FIRST RESPONDER PROFILE
“Look, mom, it’s a girl.”
It’s an exclamation heard more than once at public events when female firefighter Jenna Littmann bends down to allow a youngster to try on her protective turnout gear.
Littmann never takes such comments as anything but childish awe at seeing a woman in a role too often stereotyped as a male profession.
“I hear those comments with a sense of pride. I was rather shy as a child and never considered that I might someday be a role-model for youngsters.
“When representing Western Salisbury Volunteer Fire Company at a public event, I just see myself as doing my job and being ‘just one of the crew.’ Hearing those kind of comments, though, makes me want to show young people they can do something like this also,” Littmann said.
Littmann traces her desire to be in a public service career back to her childhood, growing up in Connecticut. Littmann’s mother, a 20-year-plus cancer survivor, always involved Jenna, her brother and two sisters, cousins and many in her extended family in ”Relay for Life” and “Race for the Cure” community events.
“That helped me to see being involved in community service was something bigger than myself.
“I was always curious about how to get to an end result. I loved putting together jigsaw puzzles to see the end result. I liked the sciences for the same reason; you could go through a process and get to see the end result.”
Excelling in high school math and science, Littmann chose to attend Muhlenberg College because of its strong academic reputation in the sciences. While at Muhlenberg, she saw a recruiting brochure from Cetronia Ambulance Corps, looking for emergency medical Technician candidates. She did not respond, though, because the training program seemed too daunting to go through alone.
In Littmann’s junior year, her brother, Tyler, arrived as a student at Muhlenberg and expressed an interest in the EMT program, and she said, “Let’s do it.”
Becoming an emergency medical technician through the EMT training at Lehigh Valley Health Network’s Emergency Medical Institute confirmed to Jenna she wanted to “be in medicine, particularly emergency medicine.” She joined the Cetronia Ambulance Corps, running calls as an EMT, in April 2012.
Graduating from Muhlenberg in 2013, Littmann went on to get a master’s degree in biomedical sciences to better prepare her to apply for medical school.
She applied and was accepted as a med student in 2015 at the Geisinger Commonwealth College of Medicine, in Scranton, where she is now a second-year medical student.
She continues to commute to the Lehigh Valley to run shifts with Cetronia Ambulance Corps crews.
Through her EMT experience, Littmann said she got to see the value of cooperative services with fire service crews. She joined Western Salisbury Fire Department in early 2016 to further her community service training as a firefighter.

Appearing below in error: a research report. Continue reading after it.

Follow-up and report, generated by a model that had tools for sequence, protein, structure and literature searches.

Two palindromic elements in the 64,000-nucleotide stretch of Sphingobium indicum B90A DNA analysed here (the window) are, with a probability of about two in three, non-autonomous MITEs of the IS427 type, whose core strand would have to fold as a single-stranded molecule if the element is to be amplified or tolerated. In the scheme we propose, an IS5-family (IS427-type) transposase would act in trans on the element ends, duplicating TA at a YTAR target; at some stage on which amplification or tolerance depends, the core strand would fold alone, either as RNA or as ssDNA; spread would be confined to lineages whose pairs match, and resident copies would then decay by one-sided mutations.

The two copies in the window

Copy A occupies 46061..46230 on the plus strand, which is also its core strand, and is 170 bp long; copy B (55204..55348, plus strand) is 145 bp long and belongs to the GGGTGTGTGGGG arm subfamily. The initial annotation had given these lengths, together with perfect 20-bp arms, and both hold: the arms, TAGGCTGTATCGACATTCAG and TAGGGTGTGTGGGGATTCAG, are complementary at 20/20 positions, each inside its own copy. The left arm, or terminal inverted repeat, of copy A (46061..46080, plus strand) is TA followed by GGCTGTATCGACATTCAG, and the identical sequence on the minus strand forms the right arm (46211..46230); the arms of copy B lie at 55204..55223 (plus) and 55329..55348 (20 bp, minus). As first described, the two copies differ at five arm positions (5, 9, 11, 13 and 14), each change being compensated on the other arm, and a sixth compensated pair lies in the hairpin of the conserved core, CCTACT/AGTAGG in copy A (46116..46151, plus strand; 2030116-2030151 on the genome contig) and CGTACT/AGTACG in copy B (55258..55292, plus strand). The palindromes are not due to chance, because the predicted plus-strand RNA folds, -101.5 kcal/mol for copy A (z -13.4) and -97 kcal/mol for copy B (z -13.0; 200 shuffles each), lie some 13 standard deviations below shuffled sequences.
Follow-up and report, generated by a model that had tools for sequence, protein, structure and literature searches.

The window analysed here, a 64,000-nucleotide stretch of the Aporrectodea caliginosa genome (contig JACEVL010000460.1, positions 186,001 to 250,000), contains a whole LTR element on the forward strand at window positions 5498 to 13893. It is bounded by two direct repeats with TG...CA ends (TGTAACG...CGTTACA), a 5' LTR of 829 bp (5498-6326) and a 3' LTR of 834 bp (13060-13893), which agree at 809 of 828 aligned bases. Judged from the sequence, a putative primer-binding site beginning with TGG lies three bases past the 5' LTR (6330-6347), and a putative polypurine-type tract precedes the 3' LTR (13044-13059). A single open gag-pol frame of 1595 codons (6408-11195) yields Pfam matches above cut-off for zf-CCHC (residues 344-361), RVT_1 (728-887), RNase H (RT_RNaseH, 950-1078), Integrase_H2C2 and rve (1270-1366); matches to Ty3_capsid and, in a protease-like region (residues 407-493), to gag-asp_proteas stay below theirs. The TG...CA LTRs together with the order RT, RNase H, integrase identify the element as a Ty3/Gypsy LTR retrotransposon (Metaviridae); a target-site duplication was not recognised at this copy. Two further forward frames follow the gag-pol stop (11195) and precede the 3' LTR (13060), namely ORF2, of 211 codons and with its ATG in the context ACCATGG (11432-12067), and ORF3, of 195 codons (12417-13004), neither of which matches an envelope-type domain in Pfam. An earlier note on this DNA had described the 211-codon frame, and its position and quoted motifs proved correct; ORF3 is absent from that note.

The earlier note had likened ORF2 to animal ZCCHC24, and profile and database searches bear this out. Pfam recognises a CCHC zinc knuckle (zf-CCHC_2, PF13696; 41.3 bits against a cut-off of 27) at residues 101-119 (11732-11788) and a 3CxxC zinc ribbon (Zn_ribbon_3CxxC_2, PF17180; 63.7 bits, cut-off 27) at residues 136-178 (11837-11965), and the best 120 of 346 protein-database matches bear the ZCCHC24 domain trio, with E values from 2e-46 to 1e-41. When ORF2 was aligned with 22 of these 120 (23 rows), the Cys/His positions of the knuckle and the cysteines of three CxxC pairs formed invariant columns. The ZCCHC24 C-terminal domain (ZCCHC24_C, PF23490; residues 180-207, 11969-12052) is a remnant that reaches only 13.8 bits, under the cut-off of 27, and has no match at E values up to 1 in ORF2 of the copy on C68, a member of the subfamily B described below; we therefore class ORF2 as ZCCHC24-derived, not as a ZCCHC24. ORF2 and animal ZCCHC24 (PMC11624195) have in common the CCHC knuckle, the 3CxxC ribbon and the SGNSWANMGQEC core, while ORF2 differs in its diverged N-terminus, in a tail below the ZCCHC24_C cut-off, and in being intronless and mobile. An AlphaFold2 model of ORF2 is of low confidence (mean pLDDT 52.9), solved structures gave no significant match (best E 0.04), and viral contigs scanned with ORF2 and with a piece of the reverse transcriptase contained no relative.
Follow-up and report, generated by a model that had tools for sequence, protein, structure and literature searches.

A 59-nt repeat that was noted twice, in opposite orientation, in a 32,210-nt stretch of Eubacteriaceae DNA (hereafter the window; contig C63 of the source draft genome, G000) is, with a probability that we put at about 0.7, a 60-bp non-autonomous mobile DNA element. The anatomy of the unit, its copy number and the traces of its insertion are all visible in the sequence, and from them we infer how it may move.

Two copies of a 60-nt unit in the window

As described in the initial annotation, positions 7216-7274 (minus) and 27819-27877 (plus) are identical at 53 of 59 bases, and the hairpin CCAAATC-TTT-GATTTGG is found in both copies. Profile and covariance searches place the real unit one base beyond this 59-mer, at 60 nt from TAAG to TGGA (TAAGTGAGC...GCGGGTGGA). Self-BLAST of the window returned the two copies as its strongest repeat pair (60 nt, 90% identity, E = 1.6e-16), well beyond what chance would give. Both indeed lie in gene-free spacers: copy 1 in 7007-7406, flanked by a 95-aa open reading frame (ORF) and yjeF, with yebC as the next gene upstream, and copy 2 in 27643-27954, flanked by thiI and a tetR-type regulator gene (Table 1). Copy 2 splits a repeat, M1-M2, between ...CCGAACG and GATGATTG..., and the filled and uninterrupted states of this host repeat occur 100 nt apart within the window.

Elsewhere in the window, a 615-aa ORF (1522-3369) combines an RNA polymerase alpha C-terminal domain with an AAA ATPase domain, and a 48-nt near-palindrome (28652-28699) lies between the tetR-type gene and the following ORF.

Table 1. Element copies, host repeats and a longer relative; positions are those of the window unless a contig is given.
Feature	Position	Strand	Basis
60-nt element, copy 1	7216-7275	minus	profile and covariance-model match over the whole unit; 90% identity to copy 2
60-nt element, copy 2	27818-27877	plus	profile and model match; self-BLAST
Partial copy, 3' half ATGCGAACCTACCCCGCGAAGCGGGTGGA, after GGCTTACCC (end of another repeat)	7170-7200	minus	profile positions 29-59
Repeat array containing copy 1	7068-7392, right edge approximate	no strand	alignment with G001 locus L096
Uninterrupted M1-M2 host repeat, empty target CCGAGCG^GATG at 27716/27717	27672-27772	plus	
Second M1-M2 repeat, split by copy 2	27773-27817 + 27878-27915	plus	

Littmann said she has never encountered any gender roadblocks in her two years as a Western Salisbury firefighting crew member. She “gears up” and runs calls doing everything her male counterparts are called on to perform. She is a certified interior firefighter and a trained vehicle rescue technician.
Littmann’s EMT experience is a plus for the fire company, which runs more than two dozen motor vehicle accident calls a year and, for several years, has been included in dozens more “quick response” medical emergency calls in the township.
And she claims no gender exceptions. Other crew members say she more than carries her share of non-fire-ground firefighter duties – rolling hoses, maintaining engine compartments, truck and gear check-out lists and sweeping the station floor.
Littmann sees her fire crew time as a learning experience.
“I can ask the chief, any officer or another crew member any question I might have, and they all give me the time to explain how things are done to watch out for each other and do things safely.”
That camaraderie extends to Littmann’s fire-ground experience. She said her most-memorable call involved multiple fire departments at a middle-of-the-night house fire in an adjacent fire district involving the home of a first responder from another municipality.
“It did not matter the color of your truck or your turnout gear,” Littmann said. “We were there to put out the fire and support our ‘brother’.”
Littmann is looking forward to the next step in her medical career as she begins general rotations to help her decide whether surgery, internal medicine, family practice, pediatrics or OB-GYN specialties hold the most draw for her.
She plans to keep running EMT and fire calls as long as her medical school training schedule allows.
When anyone remarks her volunteer fire service is out of the ordinary, she is quick to respond, “If I can do it, you can too. If you have any interest, give it a try. You won’t know if it’s for you if you don’t.”